Bushnell Rangefinders Arvada CO
Local resource for Bushnell rangefinders in Arvada. Includes detailed information on local businesses that provide access to Bushnell laser rangefinders, Bushnell hunting finders, GPS rangefinders, golf rangefinders, rangefinder cameras, and digital rangefinders, as well as advice and content on choosing rangefinders.
Dick's Sporting Goods(720) 887-0900
31 West Flatirons Circle
Dick's Sporting Goods(303) 600-2600
Dick's Sporting Goods(720) 981-0618
8501 West Bowles Avenue
Dick's Sporting Goods(303) 755-0410
1200 S. Ironton Street
Aamco Transmissions - Arvada-Northwest(303) 431-1991
6437 Miller Street
Dick's Sporting Goods(303) 280-6153
16521 Washington Street
Denver Soccer Camp
2201 E. Asbury Ave.
Dick's Sporting Goods(720) 685-1701
2269 Prairie Center Parkway
Dick's Sporting Goods(303) 797-3360
6737 S. Vine Street
L & R Automotive Inc(303) 456-8364
10300 Ralston Road
Bushnell Scout 1000 ARC Laser Rangefinder Review
A new trend in rangefinder technology is to include a ballistic calculator while ranging on an angle. For 2008, Bushnell has updated two of its rangefinders with an inclinometer, the Scout 1000 and the Elite 1500. Bushnell is calling its new technology Angle Range Compensation or ARC for short. For this article we decided to test the Scout 1000 with ARC technology.
The Scout 1000 with ARC is a handheld unit that retails at roughly $300, camo models are available at an additional cost. Like the Scout without ARC, the rangefinder is capable of ranging deer sized targets at up to 325 yards, trees up to 650 yards, and buildings up to 1000 yards. The Scout has a five power magnification ocular which allows it to double as a modest monocular with an adjustable diopter. The unit works off a single 3volt CR2 battery, which is common for most rangefinders of the Scout's size. Bushnell offers a two-year limited warranty on the Scout.
The Scout has several advanced modes that help the user. Bushnell has created two modes called "Bullseye" and "Brush" which help the user to assign target priority. After using rangefinders for awhile, a hunter will notice that sometimes the rangefinder picks up objects behind or in front of the target object. More advanced rangefinders use targeting modes to decide whether to display the first or last object ranged. Bullseye mode means that the rangefinder is going to display the distance to the first object it obtained a reading from, conversely "Brush" mode returns the distance to the last object it obtained a reading from. The Scout can also scan objects by holding down the power button and moving slowly from one object to the next. Scanning is a common feature in most rangefinders being manufactured today.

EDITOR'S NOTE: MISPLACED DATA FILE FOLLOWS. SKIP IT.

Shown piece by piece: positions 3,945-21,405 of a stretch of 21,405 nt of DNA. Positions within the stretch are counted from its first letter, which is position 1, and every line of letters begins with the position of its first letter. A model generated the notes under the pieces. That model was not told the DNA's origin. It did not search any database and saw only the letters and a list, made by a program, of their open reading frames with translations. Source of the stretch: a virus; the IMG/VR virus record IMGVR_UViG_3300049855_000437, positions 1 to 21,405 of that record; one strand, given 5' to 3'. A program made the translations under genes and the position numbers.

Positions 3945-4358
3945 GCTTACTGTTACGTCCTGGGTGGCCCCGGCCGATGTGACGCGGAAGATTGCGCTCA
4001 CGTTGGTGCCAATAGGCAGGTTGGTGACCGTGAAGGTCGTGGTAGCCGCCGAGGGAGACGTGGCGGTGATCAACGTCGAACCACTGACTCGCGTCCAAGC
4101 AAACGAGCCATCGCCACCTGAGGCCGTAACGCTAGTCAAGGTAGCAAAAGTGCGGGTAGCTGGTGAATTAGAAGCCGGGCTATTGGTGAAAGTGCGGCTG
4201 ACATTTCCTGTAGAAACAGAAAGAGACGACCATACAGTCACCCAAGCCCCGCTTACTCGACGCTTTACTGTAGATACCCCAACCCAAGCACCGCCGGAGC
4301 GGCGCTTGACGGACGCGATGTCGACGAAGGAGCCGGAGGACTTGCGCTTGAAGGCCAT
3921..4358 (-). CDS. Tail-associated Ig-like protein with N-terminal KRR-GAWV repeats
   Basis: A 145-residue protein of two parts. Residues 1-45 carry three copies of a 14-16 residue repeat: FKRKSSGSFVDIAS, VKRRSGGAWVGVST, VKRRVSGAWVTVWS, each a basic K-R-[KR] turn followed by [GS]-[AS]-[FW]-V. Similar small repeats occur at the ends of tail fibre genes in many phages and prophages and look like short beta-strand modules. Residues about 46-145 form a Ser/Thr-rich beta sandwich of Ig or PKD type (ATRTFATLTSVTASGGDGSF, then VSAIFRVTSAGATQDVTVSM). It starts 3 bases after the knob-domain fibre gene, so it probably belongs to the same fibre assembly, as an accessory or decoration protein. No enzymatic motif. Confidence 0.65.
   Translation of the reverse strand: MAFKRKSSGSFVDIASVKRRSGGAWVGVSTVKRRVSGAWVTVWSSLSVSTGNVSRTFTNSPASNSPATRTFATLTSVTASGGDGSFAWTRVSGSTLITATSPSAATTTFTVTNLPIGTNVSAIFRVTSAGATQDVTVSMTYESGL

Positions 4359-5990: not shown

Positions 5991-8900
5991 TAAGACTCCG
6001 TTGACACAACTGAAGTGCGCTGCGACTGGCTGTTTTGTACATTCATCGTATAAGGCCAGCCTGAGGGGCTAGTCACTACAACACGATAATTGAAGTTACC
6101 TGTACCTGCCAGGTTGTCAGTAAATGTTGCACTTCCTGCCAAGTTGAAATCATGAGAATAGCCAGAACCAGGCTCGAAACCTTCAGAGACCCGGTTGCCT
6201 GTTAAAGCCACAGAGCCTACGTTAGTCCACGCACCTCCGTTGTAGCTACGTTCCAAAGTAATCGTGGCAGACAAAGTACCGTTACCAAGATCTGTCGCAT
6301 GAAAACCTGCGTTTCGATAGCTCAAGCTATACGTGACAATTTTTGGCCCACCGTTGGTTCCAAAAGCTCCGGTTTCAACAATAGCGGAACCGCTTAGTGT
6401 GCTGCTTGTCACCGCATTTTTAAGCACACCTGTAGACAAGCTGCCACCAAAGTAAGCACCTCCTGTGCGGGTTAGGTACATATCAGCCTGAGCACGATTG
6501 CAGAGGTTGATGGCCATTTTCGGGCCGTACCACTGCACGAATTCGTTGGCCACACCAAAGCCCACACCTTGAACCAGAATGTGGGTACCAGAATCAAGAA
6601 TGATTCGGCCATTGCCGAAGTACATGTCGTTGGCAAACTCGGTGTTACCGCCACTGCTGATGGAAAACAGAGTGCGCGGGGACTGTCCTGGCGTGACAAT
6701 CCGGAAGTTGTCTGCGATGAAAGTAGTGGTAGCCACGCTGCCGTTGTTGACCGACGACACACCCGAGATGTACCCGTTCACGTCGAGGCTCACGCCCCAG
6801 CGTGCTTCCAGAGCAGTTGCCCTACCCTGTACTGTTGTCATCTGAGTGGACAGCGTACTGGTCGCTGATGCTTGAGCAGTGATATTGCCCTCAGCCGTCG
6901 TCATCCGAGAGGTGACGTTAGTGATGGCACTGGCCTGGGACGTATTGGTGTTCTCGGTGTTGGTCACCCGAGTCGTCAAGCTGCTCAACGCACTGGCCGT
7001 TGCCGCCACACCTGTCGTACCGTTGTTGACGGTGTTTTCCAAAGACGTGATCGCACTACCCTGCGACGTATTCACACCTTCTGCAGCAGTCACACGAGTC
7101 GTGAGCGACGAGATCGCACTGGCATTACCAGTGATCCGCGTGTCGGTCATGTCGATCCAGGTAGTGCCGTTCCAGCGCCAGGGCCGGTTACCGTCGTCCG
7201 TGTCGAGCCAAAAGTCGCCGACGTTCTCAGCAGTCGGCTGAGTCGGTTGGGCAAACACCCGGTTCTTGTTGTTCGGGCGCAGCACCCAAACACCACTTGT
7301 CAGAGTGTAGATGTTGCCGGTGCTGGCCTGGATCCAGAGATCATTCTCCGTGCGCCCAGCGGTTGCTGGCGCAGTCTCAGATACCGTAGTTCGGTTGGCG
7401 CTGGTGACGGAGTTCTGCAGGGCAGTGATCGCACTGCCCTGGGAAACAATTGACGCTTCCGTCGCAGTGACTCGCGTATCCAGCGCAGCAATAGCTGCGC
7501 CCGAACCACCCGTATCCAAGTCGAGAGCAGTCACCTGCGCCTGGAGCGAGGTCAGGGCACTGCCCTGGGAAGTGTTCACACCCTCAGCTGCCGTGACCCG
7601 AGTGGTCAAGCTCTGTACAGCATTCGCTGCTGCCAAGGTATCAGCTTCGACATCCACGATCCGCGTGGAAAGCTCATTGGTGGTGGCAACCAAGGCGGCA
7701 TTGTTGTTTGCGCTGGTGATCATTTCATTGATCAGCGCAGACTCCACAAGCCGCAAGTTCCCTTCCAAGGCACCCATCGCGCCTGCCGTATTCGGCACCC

Bushnell's new ARC technology allows the Scout to measure shooting angles of up to +/- 60 degrees. The Scout then takes this angle information a step further and uses it to calculate the ballistic distance to the target. Measuring ballistic distance is defined into two modes: Bow or Rifle. In bow mode the Scout will calculate the shooting angle, then tell you the line of sight distance, then the horizontal distance to target. When shooting on an angle the horizontal distance defines which sight pin to use when targeting. The Scout does not use bow ballistic groups like the Leupold RX-II or similar. The Bushnell literature included with the Scout states "Bushnell determined through extensive testing and interviews with high-profile bow hunting experts that multiple bow ballistic groups were not necessary." In bow mode the rangefinder will measure distances on an angle from 5 to 99 yards.
Setting the ARC system to rifle mode re...